CYCLING to work may seem like an uphill task for most people but not Universiti Putra Malaysia’s (UPM) Dr Nor Rasidah Hashim.
“It’s not that hard, the terrain here is relatively flat,” she said.
The 35-year-old lecturer from UPM’s Faculty of Environmental Studies has been pedalling on campus for three years since starting her stint there.
Due to her unassuming exterior, the petite Rasidah is accustomed to being mistaken for a student on her bicycle.
“I am frequently greeted by calls of mana kad matrik (where’s your student card) from the university’s guards,” she admitted with a laugh.
Still, the Negri Sembilan-born lecturer is unfazed by the conventional perception that people of a certain stature are expected to drive cars.
“I suppose I might be viewed as somewhat of an eccentric character but I’ve always believed in making bold choices throughout my life,” she said.
Admittedly, the mounting fear of climate change has made car ownership a symbol of success that is fast becoming obsolete in parts of the world, resulting in a new generation of commuters who prefer public transport and non-motorised forms of transportation such as walking and cycling.
With fuel prices sky-rocketing in recent times, bicycle commuting is not only an environmentally friendly mode of transportation; it is also economical and highly practical for anyone who wants to be fitter, happier and more productive.
Among the famous people who cycle is the newly elected mayor of London Boris Johnson, who has promised to make London greener and “genuinely cycle-friendly”.
The new mayor, who has cycled to work for seven years now, is arguably the most talked-about bicycle commuter in Britain today due to his controversial antics.
The soft-spoken Rasidah, however, is not one to look for fame or attention.
“I cycle for a very simple reason; it’s convenient for me as I live just outside campus.”
In fact, she does not own a car at all, or have a driving licence. When the need arises for long distance travelling, she relies on public transport.
She looks back fondly on her experiences abroad in Duke University and the University of Cambridge, where she furthered her studies not too long ago. “Everybody cycled in Cambridge; it was there that I realised it’s all right to cycle. It’s cool to cycle and the lifestyle I want to pursue is my own personal choice.”
Friends and colleagues were initially awed by Rasidah’s enthusiasm to commute by bicycle; they wondered how she does it in Malaysia’s hot weather.
“Bring a change of clothes if it is necessary, or try to live close to your workplace. Whenever you do something out of concern for the environment, you must have your reasons. Work around the constraints and defend your convictions,” she urged.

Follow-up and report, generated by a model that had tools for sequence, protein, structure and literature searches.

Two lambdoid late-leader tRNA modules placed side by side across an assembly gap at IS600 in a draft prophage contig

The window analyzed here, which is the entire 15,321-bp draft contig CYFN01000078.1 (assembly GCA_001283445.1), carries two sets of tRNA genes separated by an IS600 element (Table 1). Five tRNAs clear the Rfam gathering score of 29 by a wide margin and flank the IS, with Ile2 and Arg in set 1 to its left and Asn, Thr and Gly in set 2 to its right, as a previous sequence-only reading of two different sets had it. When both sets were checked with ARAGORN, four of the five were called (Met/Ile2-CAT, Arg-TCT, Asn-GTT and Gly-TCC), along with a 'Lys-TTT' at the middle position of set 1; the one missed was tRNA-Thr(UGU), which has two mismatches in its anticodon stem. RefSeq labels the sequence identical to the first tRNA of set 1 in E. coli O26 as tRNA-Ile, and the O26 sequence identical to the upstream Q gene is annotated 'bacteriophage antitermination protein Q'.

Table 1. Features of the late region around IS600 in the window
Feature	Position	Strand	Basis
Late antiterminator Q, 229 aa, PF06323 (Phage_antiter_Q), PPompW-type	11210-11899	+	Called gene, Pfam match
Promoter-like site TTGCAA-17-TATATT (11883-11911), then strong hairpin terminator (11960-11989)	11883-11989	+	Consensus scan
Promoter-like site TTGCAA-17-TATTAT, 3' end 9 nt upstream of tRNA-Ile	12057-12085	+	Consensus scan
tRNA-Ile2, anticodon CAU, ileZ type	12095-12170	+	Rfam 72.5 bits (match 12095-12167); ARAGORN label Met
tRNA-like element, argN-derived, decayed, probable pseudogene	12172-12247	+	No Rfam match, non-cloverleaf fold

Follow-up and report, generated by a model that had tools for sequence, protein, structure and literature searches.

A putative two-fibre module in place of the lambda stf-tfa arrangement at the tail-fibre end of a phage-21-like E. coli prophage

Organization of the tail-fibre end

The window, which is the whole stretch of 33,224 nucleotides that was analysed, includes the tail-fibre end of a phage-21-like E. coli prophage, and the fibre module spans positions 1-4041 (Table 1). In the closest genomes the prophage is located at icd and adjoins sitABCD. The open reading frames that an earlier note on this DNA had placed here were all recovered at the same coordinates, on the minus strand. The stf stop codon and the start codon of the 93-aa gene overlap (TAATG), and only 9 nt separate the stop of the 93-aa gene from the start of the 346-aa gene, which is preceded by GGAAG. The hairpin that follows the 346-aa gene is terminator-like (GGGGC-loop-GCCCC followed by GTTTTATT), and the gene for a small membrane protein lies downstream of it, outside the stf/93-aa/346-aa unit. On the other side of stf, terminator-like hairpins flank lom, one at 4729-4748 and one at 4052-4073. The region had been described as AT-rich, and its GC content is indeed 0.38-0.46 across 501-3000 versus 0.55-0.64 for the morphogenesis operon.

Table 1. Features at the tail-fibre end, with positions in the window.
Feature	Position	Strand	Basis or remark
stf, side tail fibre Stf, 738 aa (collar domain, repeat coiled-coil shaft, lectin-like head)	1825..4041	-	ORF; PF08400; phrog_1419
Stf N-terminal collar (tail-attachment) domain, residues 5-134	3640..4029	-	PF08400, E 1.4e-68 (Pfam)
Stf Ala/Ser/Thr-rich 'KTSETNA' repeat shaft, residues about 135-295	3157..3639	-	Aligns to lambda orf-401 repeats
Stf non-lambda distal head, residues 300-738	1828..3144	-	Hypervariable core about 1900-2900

Rasidah is, however, painfully aware of the fact that she can’t go on doing it forever.
“My biggest concern is that I don’t know how much longer I can cycle. You have to be healthy because it takes a considerable amount of stamina,” she said, adding that bicycle commuting could be a challenge on Malaysian roads due to the lack of well-designed pavements and cycling lanes.
“Having to compete with motorists on the road is dangerous for cyclists,” she lamented.
“If more cyclists were to take to the streets, we would have a critical mass of people to create a momentum of change,” enthused Rasidah.
“But I always say that individuals can only do so much; beyond that it is the prerogative of the government to take necessary efforts.”
Government-funded programmes such as the Cycle to Work scheme initiated in Britain is a tax incentive aimed at encouraging employees to cycle by offering a beneficial long-term loan of bikes and commuting equipment such as lights and locks completely tax free.
The city of Paris introduced a self-service “bicycle transit system” in 2007 called “Velib” which allows Parisians and visitors to pick up and drop off more than 10,000 bicycles throughout the city at 750 locations.
Meanwhile in Amsterdam, which is known as the “biking capital of the world”, some 40% of the traffic is expected to be from bicycles. The city’s infrastructure is largely designed to accommodate cyclists, and a 10,000-bike parking garage is being built at the city’s main train station.
But is bicycle commuting exclusive only to the more developed European nations? Rasidah is quick to point out that Malaysians are fully aware of the relevant environmental issues such as carbon dioxide emissions and deteriorating air quality.
“Unfortunately there is a difference between being aware and taking action.”
She expressed her belief in the education system as a potential avenue for producing budding environmentalists.
“We offer young people the knowledge that is required in universities, but they must be brave enough to make active choices in their adult life.”
Asked if she could see herself driving in the future, Rasidah said: “Sure, why not?” But she maintains that she would choose a car that is environmentally friendly to minimise her ecological footprint.
Rasidah admits that hybrid cars are rather pricey. However, she sees no harm in doing what you can for the environment if you can afford it.
Asked for tips she could share with potential bicycle commuters, Rasidah stressed on the importance of maintaining safety. “Wear a helmet and cycle in an orderly fashion, avoid cycling in clusters because it can be a nuisance to other road users.
“Know your place on the road and don’t attempt to compete with bus drivers,” she said in jest.